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Seasonal cycles of meridional overturning and heat transport of the Indian Ocean

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Lee, T., & Marotzke, J. (1998). Seasonal cycles of meridional overturning and heat transport of the Indian Ocean. Journal of Physical Oceanography, 28(5), 923-943. doi:10.1175/1520-0485(1998)028<0923:SCOMOA>2.0.CO;2.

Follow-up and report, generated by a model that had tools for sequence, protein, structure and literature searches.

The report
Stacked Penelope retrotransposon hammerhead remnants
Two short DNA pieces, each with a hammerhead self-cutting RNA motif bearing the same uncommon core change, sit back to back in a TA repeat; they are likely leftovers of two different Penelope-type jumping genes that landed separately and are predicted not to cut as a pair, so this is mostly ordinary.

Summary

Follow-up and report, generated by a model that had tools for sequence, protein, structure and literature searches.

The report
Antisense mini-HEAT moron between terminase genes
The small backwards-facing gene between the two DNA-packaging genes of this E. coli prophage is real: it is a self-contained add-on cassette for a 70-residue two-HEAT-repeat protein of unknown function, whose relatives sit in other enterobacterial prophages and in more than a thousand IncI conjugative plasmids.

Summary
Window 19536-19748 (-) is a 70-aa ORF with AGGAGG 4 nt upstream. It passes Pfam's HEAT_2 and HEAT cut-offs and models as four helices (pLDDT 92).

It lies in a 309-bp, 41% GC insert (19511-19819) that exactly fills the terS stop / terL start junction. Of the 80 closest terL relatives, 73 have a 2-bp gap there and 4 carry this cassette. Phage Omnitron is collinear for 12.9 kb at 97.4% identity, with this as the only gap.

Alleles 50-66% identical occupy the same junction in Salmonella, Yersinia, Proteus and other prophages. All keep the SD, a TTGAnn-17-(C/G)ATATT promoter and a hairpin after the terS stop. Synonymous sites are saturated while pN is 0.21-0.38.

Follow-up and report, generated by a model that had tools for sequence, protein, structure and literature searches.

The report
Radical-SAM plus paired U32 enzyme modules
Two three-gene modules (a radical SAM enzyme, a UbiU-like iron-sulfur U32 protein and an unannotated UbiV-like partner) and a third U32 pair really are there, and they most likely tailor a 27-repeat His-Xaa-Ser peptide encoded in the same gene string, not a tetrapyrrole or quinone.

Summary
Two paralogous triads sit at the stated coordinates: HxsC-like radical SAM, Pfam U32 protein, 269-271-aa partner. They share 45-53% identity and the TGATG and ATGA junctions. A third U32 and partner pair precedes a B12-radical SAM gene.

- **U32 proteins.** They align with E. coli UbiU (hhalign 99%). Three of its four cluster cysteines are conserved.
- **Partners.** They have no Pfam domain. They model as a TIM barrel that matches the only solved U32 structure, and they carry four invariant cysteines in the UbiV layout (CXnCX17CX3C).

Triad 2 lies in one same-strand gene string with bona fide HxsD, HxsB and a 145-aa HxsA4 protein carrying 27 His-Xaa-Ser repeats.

A general circulation model of the Indian Ocean is fitted to monthly averaged climatological temperatures, salinities, and surface fluxes using the adjoint method. Interannual variability is minimized by penalizing the temporal drift from one seasonal cycle to another during a two-year integration. The resultant meridional overturning and heat transport display large seasonal variations, with maximum amplitudes of 18 and 22 (x 10(6) m(3) s(-1)) for the overturning and 1.8 and 1.4 (x 10(15) W) for heat transport near 10 degrees S and 10 degrees N, respectively. A dynamical decomposition of the overturning and heat transport shows that the rime-varying Ekman flow plus its barotropic compensation can explain a large parr of the seasonal variations in overturning and heat transport. The maximum variations at 10 degrees N and 10 degrees S are associated with monsoon reversal over the northern Indian Ocean and changes of the easterlies over the southern Indian Ocean. An external mode with variable topography has a moderate contribution where the Somali Current and the corresponding gyre reverse direction seasonally. Contribution from vertical shear (thermal wind and ageostrophic shear) is dominant near the southern boundary and large near the Somali Current latitudes. The dominant balance in the zonally integrated heat budget is between heat storage change and heat transport convergence except south of 15 degrees S. Optimization with seasonal forcings improves estimates of sea surface temperatures, but the annual average overturning and heat transport are very similar to previous results with annual mean forcings. The annual average heat transport consists of roughly equal contributions from time-mean and time-varying fields of meridional velocities and temperatures in the northern Indian Ocean, indicating a significant rectification to the hear transport due to the time-varying fields. The time-mean and time-varying contributions are primarily due to the overturning and horizontal gyre, respectively. Inclusion of TOPEX data enhances the seasonal cycles of the estimated overturning and heat transport in the central Indian Ocean significantly and improves the estimated equatorial zonal flows but leads to unrealistic estimates of the velocity structure near the Indonesian Throughflow region, most likely owing to the deficiencies in the lateral boundary conditions.